Stock Analysis

GO (MTSE:GO) Has A Somewhat Strained Balance Sheet

MTSE:GO
Source: Shutterstock

Howard Marks put it nicely when he said that, rather than worrying about share price volatility, 'The possibility of permanent loss is the risk I worry about... and every practical investor I know worries about.' When we think about how risky a company is, we always like to look at its use of debt, since debt overload can lead to ruin. Importantly, GO p.l.c. (MTSE:GO) does carry debt. But the real question is whether this debt is making the company risky.

When Is Debt Dangerous?

Generally speaking, debt only becomes a real problem when a company can't easily pay it off, either by raising capital or with its own cash flow. Part and parcel of capitalism is the process of 'creative destruction' where failed businesses are mercilessly liquidated by their bankers. While that is not too common, we often do see indebted companies permanently diluting shareholders because lenders force them to raise capital at a distressed price. Of course, plenty of companies use debt to fund growth, without any negative consequences. The first thing to do when considering how much debt a business uses is to look at its cash and debt together.

Check out our latest analysis for GO

What Is GO's Net Debt?

As you can see below, at the end of December 2020, GO had €101.9m of debt, up from €69.2m a year ago. Click the image for more detail. On the flip side, it has €33.0m in cash leading to net debt of about €68.8m.

debt-equity-history-analysis
MTSE:GO Debt to Equity History April 11th 2021

A Look At GO's Liabilities

We can see from the most recent balance sheet that GO had liabilities of €82.5m falling due within a year, and liabilities of €148.5m due beyond that. Offsetting this, it had €33.0m in cash and €22.2m in receivables that were due within 12 months. So it has liabilities totalling €175.8m more than its cash and near-term receivables, combined.

While this might seem like a lot, it is not so bad since GO has a market capitalization of €374.8m, and so it could probably strengthen its balance sheet by raising capital if it needed to. But it's clear that we should definitely closely examine whether it can manage its debt without dilution.

We use two main ratios to inform us about debt levels relative to earnings. The first is net debt divided by earnings before interest, tax, depreciation, and amortization (EBITDA), while the second is how many times its earnings before interest and tax (EBIT) covers its interest expense (or its interest cover, for short). Thus we consider debt relative to earnings both with and without depreciation and amortization expenses.

GO has net debt of just 1.1 times EBITDA, indicating that it is certainly not a reckless borrower. And it boasts interest cover of 7.5 times, which is more than adequate. On the other hand, GO saw its EBIT drop by 6.8% in the last twelve months. If earnings continue to decline at that rate the company may have increasing difficulty managing its debt load. The balance sheet is clearly the area to focus on when you are analysing debt. But it is GO's earnings that will influence how the balance sheet holds up in the future. So when considering debt, it's definitely worth looking at the earnings trend. Click here for an interactive snapshot.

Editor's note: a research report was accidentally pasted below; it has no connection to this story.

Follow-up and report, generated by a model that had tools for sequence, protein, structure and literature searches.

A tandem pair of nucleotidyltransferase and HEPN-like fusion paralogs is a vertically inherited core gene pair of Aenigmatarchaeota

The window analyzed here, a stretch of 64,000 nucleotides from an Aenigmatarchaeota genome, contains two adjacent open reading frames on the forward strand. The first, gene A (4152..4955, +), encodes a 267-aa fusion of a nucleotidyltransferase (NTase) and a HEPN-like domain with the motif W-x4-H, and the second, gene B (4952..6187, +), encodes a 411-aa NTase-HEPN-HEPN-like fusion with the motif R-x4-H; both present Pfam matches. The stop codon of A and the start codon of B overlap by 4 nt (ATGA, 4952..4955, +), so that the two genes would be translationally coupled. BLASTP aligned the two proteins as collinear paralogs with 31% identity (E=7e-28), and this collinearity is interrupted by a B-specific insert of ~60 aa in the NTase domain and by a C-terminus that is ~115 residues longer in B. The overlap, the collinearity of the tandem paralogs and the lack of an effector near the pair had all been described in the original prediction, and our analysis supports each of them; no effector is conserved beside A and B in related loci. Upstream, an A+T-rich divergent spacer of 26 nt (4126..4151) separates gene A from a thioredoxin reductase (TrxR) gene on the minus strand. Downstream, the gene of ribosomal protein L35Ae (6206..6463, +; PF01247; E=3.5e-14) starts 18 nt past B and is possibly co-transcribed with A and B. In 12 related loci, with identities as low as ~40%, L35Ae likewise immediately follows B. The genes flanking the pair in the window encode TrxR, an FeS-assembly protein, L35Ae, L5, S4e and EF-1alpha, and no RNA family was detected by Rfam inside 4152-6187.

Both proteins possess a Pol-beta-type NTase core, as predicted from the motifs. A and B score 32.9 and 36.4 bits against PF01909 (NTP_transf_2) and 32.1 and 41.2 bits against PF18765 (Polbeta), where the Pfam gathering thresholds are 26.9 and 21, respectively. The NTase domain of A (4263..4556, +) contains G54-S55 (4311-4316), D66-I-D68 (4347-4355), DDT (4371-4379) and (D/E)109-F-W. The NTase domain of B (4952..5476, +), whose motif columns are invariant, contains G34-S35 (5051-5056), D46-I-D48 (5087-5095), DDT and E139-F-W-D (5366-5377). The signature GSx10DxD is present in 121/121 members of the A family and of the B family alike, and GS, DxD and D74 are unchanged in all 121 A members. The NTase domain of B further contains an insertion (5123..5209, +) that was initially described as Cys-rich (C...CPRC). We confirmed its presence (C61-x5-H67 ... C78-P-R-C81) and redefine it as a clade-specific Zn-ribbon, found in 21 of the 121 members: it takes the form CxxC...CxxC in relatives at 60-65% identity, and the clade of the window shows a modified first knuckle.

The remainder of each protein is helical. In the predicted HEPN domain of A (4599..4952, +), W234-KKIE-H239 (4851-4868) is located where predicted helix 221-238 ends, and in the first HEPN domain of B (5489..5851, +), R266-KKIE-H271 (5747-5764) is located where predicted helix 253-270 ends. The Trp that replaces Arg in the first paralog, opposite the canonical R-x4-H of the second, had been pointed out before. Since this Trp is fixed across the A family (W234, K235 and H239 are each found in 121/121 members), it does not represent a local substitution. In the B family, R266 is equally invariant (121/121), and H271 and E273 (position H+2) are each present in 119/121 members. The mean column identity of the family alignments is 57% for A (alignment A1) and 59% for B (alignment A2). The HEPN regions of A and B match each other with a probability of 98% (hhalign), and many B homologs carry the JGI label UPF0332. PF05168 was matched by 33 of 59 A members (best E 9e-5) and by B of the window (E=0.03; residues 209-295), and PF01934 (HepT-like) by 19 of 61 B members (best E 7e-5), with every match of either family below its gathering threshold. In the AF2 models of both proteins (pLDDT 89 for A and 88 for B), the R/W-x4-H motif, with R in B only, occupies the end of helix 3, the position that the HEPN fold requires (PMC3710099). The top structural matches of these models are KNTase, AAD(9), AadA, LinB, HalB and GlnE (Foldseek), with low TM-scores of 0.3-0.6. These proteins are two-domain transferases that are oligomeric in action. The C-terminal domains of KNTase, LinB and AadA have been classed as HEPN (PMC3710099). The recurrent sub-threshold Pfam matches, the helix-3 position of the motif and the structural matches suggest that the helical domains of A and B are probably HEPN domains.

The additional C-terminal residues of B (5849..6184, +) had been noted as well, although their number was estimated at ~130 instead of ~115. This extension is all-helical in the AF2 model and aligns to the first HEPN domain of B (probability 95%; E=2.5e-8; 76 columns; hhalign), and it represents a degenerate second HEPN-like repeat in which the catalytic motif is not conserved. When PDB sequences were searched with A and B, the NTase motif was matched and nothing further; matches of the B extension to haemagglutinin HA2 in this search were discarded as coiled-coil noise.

Finally, a company can only pay off debt with cold hard cash, not accounting profits. So we always check how much of that EBIT is translated into free cash flow. In the last three years, GO's free cash flow amounted to 39% of its EBIT, less than we'd expect. That weak cash conversion makes it more difficult to handle indebtedness.

Our View

While GO's EBIT growth rate does give us pause, its net debt to EBITDA and interest cover suggest it can stay on top of its debt load. We think that GO's debt does make it a bit risky, after considering the aforementioned data points together. That's not necessarily a bad thing, since leverage can boost returns on equity, but it is something to be aware of. There's no doubt that we learn most about debt from the balance sheet. But ultimately, every company can contain risks that exist outside of the balance sheet. For example, we've discovered 3 warning signs for GO (1 is concerning!) that you should be aware of before investing here.

If you're interested in investing in businesses that can grow profits without the burden of debt, then check out this free list of growing businesses that have net cash on the balance sheet.

When trading GO or any other investment, use the platform considered by many to be the Professional's Gateway to the Worlds Market, Interactive Brokers. You get the lowest-cost* trading on stocks, options, futures, forex, bonds and funds worldwide from a single integrated account. Promoted


Valuation is complex, but we're helping make it simple.

Find out whether GO is potentially over or undervalued by checking out our comprehensive analysis, which includes fair value estimates, risks and warnings, dividends, insider transactions and financial health.

View the Free Analysis

This article by Simply Wall St is general in nature. It does not constitute a recommendation to buy or sell any stock, and does not take account of your objectives, or your financial situation. We aim to bring you long-term focused analysis driven by fundamental data. Note that our analysis may not factor in the latest price-sensitive company announcements or qualitative material. Simply Wall St has no position in any stocks mentioned.
*Interactive Brokers Rated Lowest Cost Broker by StockBrokers.com Annual Online Review 2020


Have feedback on this article? Concerned about the content? Get in touch with us directly. Alternatively, email editorial-team (at) simplywallst.com.